September 10, 2004
Research Advisory Council
Report ‘heartbreaking’ reminder of need for better workplace safety
Tragedies on the job still occur daily in Ontario so there is more work to be done, says Jill Hutcheon, interim chair of the Workplace Safety and Insurance Board (WSIB).
“At the Workplace Safety and Insurance Board and with the Ministry of Labour, I have witnessed first-hand the workplace tragedies that occur daily in Ontario,” she said in a five-year report on activities of the Research Advisory Council (RAC) that was presented recently to the WSIB board of directors.
“They are heartbreaking reminders that there is still more to be done to make our jobs safe and our places of work healthy.”
Hutcheon said there is hope, however, that the vision of eliminating all workplace injuries and illnesses can be a reality.
“That hope is being realized through the efforts of many dedicated individuals.”
Hutcheon said the creation of the advisory council and the growing influence the council’s leadership is having on researchers, employers, workers, and health and safety professionals throughout the province is making a difference.
She said the WSIB understands that it has to contribute to research if the board and its stakeholders want early access to research-based knowledge.
“Most large knowledgebased organizations know that they simply can not survive without a strong research and development program.”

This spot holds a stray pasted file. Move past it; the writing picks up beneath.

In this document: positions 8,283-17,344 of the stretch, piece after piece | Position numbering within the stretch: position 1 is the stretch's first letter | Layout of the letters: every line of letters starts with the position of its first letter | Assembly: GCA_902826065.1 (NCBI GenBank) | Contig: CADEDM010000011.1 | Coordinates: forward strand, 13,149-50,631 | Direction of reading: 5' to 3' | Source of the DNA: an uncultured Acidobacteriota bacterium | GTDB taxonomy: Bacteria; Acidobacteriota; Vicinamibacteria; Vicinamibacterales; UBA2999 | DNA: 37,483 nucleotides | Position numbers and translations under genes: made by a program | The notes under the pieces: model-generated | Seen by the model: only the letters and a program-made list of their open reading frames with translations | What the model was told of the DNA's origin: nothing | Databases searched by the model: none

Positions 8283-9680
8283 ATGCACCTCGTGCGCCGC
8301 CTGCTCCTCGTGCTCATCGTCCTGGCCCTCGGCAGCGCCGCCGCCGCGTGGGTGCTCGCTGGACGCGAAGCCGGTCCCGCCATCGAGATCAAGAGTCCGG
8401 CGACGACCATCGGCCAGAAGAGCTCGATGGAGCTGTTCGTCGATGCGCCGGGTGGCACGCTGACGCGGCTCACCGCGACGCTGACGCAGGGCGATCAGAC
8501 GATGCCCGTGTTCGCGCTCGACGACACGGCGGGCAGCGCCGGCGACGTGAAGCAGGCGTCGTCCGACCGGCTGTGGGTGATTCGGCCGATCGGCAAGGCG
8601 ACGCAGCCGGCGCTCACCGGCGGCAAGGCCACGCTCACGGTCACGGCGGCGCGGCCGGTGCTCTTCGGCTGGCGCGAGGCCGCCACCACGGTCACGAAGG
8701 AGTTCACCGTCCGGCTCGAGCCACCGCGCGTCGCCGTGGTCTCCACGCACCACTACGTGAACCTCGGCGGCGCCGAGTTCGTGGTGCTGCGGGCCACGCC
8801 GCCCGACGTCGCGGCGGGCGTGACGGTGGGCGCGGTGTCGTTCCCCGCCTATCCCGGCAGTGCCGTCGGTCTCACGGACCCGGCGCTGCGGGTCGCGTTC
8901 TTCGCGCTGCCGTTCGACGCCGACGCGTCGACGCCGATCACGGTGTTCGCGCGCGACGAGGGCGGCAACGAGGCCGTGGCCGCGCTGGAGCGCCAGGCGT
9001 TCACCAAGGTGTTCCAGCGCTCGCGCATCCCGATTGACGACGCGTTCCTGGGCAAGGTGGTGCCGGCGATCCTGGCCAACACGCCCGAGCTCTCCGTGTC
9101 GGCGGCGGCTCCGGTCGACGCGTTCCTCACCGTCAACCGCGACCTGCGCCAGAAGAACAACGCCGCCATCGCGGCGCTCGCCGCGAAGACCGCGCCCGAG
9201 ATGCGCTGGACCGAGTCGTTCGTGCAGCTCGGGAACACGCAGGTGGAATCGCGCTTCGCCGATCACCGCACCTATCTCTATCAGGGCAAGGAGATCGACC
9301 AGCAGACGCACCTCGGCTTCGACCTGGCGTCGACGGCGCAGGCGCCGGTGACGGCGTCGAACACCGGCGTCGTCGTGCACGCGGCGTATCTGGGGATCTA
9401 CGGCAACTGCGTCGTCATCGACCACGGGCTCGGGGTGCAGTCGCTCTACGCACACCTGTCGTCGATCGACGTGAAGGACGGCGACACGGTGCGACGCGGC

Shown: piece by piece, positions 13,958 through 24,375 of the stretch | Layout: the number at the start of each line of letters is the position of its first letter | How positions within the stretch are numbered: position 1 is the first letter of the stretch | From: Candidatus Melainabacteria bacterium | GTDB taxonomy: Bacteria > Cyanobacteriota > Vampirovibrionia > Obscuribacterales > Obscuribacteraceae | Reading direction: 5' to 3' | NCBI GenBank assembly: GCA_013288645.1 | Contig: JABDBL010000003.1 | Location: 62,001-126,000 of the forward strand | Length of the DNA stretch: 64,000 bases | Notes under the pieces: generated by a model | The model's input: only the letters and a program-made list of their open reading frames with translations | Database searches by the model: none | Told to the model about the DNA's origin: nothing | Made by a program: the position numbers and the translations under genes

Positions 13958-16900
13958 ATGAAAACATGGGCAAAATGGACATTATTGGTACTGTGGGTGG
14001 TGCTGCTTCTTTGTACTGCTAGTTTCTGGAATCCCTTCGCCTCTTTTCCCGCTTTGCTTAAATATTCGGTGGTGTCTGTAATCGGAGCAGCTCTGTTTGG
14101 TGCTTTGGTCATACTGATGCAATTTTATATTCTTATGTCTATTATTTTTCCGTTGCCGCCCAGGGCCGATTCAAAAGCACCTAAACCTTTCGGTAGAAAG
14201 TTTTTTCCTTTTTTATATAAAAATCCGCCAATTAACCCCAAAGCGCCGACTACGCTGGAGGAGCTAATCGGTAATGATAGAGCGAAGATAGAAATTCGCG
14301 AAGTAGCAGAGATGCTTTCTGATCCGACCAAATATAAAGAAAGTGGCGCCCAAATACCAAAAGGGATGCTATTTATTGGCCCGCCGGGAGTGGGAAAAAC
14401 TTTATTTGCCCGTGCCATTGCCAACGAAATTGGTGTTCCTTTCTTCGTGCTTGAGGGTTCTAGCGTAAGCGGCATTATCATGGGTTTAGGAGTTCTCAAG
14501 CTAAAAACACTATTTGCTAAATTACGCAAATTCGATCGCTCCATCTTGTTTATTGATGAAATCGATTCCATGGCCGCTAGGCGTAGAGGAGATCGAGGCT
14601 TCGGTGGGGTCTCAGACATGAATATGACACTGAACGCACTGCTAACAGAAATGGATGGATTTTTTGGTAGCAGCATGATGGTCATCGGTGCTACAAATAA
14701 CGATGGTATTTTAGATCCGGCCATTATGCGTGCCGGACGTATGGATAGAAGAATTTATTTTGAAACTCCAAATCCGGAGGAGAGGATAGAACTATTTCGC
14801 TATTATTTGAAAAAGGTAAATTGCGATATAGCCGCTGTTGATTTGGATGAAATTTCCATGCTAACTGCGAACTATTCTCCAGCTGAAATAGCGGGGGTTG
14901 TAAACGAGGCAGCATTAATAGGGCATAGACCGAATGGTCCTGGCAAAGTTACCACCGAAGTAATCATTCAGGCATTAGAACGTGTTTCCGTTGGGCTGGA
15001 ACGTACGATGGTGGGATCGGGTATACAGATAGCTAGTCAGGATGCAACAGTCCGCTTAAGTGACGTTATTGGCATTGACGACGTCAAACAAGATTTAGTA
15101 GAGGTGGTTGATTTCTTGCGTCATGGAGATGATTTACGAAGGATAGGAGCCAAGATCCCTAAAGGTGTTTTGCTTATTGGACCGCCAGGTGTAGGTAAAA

Hutcheon said the WSIB initiated a commitment to research development in Ontario with the establishment of the Institute for Work & Health in 1990, and that commitment was enhanced with the creation of the WSIB-funded advisory council in 1998.
Since its inception, the RAC has consulted broadly with stakeholders and listened to their concerns, Hutcheon said, and the objectives, purposes and research priorities based on the consultations are published annually in a request for proposals called Solutions for Workplace Change.
A small WSIB Research Secretariat administers grants and other research activities under the program. The first grants were awarded in the fall of 1999.
According to Hutcheon, the main goal of Solutions for Workplace Change is to provide sound, researchbased knowledge that will help Ontario workplaces become safer and healthier.
She said the goal is to enhance Ontario’s occupational health and safety research capability and promote the transfer of research knowledge into the workplace.
Solutions for Workplace Change has funded dozens of young researchers, many of whom are engaged in post-graduate study focused on occupational health and safety issues they knew nothing about five years ago.
“These are the leaders of tomorrow. They hold the hope that our children will work in safer and healthier environments. We’re using our health and safety partners, internal subject matter experts and front-line staff to ensure the results of the research are transferred in ways that bring real changes to the workplace.”
Hutcheon said the WSIB and the RAC have engaged many researchers across Ontario during the past five years and together they are building a solid foundation for a sustainable applied research enterprise that will benefit millions of people in Ontario and beyond.
“The partnerships that are growing with employers, workers, unions, health-care providers and health and safety professionals will ensure that the research continues to create knowledge, and that the knowledge continues to drive change in the way we work.
“Together, we are making a difference.”
The five-year report of the RAC highlighted a number of projects that have been completed over the last five years.
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